What Help Did Chelsea [Bradley] Manning Receive in Cambridge?

What Help Did Chelsea [Bradley] Manning Receive in Cambridge?

Manning visited Cambridge after downloading classified material but before he provided it to Wikileaks.

  • Posted on: 29 August 2013
  • By: stannenb

Chelsea Manning, the Army private convicted of leaking classified files to Wikileaks, was sentenced to 35 years in prison last week, bringing to an apparent close the legal proceedings. Left unsolved is a small Cambridge-based mystery. What happened at the Oxford Spa the morning of January 28, 2010? (Manning, formerly known as Bradley, announced that she would like to be known as Chelsea, referred to with a feminine pronoun, and would seek to undergo hormone therapy and gender reassignment surgery.)

Manning was no stranger to Cambridge, visiting her then boyfriend, a Brandeis graduate student and spending time at pika, an MIT co-op house in Cambridgeport. Manning seemed to enjoy Cambridge, writing on her Facebook page that Cambridge "is full of crazy (but fun) nutters." But the visit in late January was different. Earlier that month, according to evidence presented at her trial, Manning had downloaded the Iraq and Afghanistan "war logs", the classified database of raw action reports about US military activity. Manning returned to the US from Iraq on leave and, on January 25th, erased her personal computer by reinstalling the operating system. Manning then travelled to Boston, where she attended a January 27th open house for BUILDS, a Boston University maker space, organized by BU undergraduate student David House. What happened after the open house is not known, but it was of intense interest to the government. House, who organized the Bradley Manning Support Network after Manning's arrest in May 2010, was summoned to a Federal grand jury in June 2011. House invoked his Fifth Amendment right against self incrimination, but took detailed notes of his questioning and subsequently published them:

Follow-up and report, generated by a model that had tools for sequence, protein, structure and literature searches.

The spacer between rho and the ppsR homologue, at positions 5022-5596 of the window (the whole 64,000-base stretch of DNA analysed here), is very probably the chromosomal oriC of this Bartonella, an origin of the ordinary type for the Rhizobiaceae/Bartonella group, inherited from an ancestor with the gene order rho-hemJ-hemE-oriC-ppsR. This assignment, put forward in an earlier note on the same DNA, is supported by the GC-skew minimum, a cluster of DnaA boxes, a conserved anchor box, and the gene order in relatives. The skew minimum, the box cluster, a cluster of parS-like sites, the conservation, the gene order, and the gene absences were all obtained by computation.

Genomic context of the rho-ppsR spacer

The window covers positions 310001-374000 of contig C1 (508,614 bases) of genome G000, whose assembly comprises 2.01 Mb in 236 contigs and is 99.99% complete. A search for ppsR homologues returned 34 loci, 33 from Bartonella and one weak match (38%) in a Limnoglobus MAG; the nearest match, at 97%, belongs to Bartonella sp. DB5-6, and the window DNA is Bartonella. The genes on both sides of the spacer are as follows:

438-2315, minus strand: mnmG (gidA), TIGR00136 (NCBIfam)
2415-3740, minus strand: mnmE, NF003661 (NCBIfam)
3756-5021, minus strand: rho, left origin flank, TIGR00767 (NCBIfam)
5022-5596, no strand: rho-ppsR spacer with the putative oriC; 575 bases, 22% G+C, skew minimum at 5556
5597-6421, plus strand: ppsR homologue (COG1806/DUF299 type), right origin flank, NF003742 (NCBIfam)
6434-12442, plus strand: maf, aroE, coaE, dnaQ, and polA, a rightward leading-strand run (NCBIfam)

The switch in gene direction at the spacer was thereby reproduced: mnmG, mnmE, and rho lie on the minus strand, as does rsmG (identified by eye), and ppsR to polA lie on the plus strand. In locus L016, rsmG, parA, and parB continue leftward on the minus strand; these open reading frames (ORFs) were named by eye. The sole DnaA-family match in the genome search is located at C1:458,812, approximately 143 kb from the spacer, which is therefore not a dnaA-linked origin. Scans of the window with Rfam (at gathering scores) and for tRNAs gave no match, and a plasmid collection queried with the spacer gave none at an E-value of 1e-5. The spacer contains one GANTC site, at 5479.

Department of Justice Counterespionage Section Attorney Deborah Curtis: Mr. House, have you ever been to the Oxford Spa restaurant in Cambridge, MA?
David House: Allow me to consult with my attorney.
[House leaves the grand jury and returns one minute later.]
DH: As to the previous question, I invoke.
DC: You admitted to federal agents in Boston that you had met Bradley Manning in January 2010, is that correct?
DH: I invoke.
DC: Isn’t it true that you spent the night of January 27 2010 with Daniel Clark and Bradley Manning?
DH: Can you repeat the question?
DC: Isn’t it true that you spent the night of January 27 2010 with Daniel Clark and Bradley Manning?
DH: One more time.
DC: Isn’t it true that you spent the night of January 27 2010 with Daniel Clark and Bradley Manning?
DOJ Counterespionage Section Attorney Patrick Murphy: He’s writing it down.
DC: Are you getting this, are you writing it all down?
DH: Was the last question a question to be answered?
DC: Yes.
DH: I invoke.
DC: And the question before?
DH: I also invoke.
DC: Where did Danny Clark have breakfast on the morning of January 28, 2010?

Questioning ended shortly thereafter when it was clear that House would not cooperate.

On January 30th, according to trial testimony, Manning took further steps to cover her tracks, erasing the part of the laptop disk that would not have been touched during the operating system reinstall. Manning is thought to have provided the war logs to Wikileaks on February 3rd.

Army investigators, according the MIT's student newspaper The Tech, also spent time looking into email messages exchanged among Manning and MIT students, about the choice of a padlock for a storage space at the Metropolitan Storage Warehouse, located on Mass Ave, next to MIT. Interviewing participants in the email exchange, they apparently concluded that it was just about padlocks.

This was not the first time Cambridge and its milieu was involved in a high profile leak of defense secrets. When Daniel Ellsberg, the former Marine officer turned defense analyst and MIT lecturer, released the classified history of the Vietnam War that became known as the Pentagon Papers, he hid out in Cambridge and used Harvard Square copy shops to make copies of the approximately 6000 page document. Charges against Ellsberg were dismissed after Nixon administration "plumbers", the covert special investigation unit assigned to plug leaks, were disclosed to have burgled Ellsberg's psychiatrist, looking for embarrassing material.

Manning is serving a 35 year sentence at the United States Disciplinary Barracks at Fort Leavenworth, Kansas. No charges have been filed against House, Clark or others questioned by prosecutors. The Federal criminal investigation into Wikileaks remains open.




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Updated August 31 to correct David House's student status to undergraduate as well as the timing of the publication of House's Grand Jury notes. They were published in July 2012.